I used canned corn for this recipe, because I find the quality better than off season corn on the cob from the grocery store. Oh man, I’m excited for Taber corn at the end of summer…
Here are all of the ingredients in the bowl.
And here’s the salad all mixed up with the dressing.
Voila! A beautiful addition to any summer BBQ!
Jacquie’s Awesome Toasted Barley Salad with Black Beans, Mango and Corn (Courtesy of Julie Van Rosendaal)
You will need:
1/2 cup pearled barley
1.5 cups water
1 can corn
1 can black beans
1 red peper
1 orange pepper
1/2 purple onion
2 ripe mangoes
For the dressing:
1/2 cup olive oil
1/4 cup lime juice
1 tsp ground cumin
1 tsp honey
1 garlic clove, crushed.
Begin by toasting you barley in a saucepan over medium-high heat for a few minutes, until the barley is golden and tasty-smelling. Pour in the water, and bring to a boil. Turn the heat down and let simmer for about 40 minutes, until tender. Let cool completely (I put it in the fridge overnight). Next, chop all of your veggies and slice your mango. Throw everything into a big bowl. For the dressing, combine all ingredients in a tupperware container and shake. Pour over all ingredients and coat everything very well. Serve as a side, or for lunch! Enjoy, a lot!
This post comes super late after the event (2 weeks ago… sorry al!), but that wont stop me from writing about it! Eat Alberta was a wonderful day of culinary adventures! I attended the first Eat Alberta two years, but couldn’t attend last year because of the election. There was no way I was going to miss out this year, so I decided to volunteer to offset the cost of attending. It was super fun!
All of the food for the event prepared by NAIT’s culinary program. Wow. Breakfast was incredible! We were definitely well looked after that day.
As a volunteer, I got to attend one of the hands-on classes for free! I was so lucky, I got my first choice – knife skills! Kevin Kent from Knifewears led the session, and let me borrow one of his knives – this one says “Hello Kevin” on the side. How awesome, eh?
Next, to actually sharpen the knife, you need an abrasive surface (if I’m remembering correctly, he used leather). The concept is to remove a small layer of the knife’s surface to make the edge smoother and sharper.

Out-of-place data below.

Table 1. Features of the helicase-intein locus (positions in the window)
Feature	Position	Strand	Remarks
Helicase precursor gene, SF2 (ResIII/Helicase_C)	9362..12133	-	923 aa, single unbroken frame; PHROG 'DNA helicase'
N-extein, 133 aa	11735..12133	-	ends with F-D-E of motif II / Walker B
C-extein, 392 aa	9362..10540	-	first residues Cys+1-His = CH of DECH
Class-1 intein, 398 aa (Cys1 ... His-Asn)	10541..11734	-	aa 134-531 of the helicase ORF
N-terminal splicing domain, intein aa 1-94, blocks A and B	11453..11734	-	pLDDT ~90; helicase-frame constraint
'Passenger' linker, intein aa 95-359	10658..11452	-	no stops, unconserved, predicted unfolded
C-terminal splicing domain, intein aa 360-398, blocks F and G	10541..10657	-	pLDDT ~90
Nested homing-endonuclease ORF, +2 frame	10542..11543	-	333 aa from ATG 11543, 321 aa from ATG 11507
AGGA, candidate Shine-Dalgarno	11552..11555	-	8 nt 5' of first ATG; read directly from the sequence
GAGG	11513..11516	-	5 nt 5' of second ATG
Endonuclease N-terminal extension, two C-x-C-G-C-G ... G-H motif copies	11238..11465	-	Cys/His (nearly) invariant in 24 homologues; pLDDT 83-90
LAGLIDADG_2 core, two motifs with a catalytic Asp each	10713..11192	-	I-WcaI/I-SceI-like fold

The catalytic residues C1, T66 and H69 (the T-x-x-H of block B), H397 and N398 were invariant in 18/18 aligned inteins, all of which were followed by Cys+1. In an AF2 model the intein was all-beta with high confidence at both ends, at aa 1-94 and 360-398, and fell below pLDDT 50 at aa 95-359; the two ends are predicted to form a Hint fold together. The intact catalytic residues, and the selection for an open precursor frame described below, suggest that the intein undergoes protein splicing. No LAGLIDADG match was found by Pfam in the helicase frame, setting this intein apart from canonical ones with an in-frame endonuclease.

Kevin then showed us how to properly hold a potato while cutting it. Hold the end of the potato with your thumb, to steady it, then curl your fingers in so that the knife runs along the knuckles as you cut. This grasp helps you cut really fast!
The next session I volunteered at was a beer tasting with Niel Herbst, owner of Alley Kat brewery. It was super informative and tasty!
The next session I volunteered at was with Owen Petersen from Prairie Mill Bakery. He taught a class how to make bread using a sourdough starter.
At the end of the day, we were all presented with an incredible tasting board filled with local treats (Sylvan Star Gouda, Evans Cherry jello, Gold Forest Grains Wheat Berry salad… hmmmm it was so good!)
A big shout out to the organizers for putting on such a great event! I was floored at how much work must have gone into preparing for it! I had a great time, and loved the sessions! I will definitely be volunteering again next year!
Hello Dear Readers!
My sincerest apologies for prolonged my absence from the blogosphere. I am FINALLY back from my blogging hiatus (and couldn’t be happier!). As you can tell, there have been a few changes: First things first, I changed the named of the blog! Justin and I have recently moved into the quaint little community of Parkallen in the heart of Edmonton, and seeing as we were no longer living in the Garneau house anymore, I couldn’t very well be blogging about the Garneau Kitchen, now could I?
Yes that is why, when you search for Garneau Home Kitchen, you will be re-directed to this lovely new site (Yay!) My new kitchen has many characters of the old kitchen (cute, historical looking…etc) with some added upgrades (a dishwasher 🙂 and a gas stove!)
While some things have changed, some stay the same. The blog’s theme will always be, as it always has been, local food in Edmonton. I will strive to live as locally as possible, on a modest budget, and I hope you continue to enjoy the journey as I go! Stay tuned for foodie posts!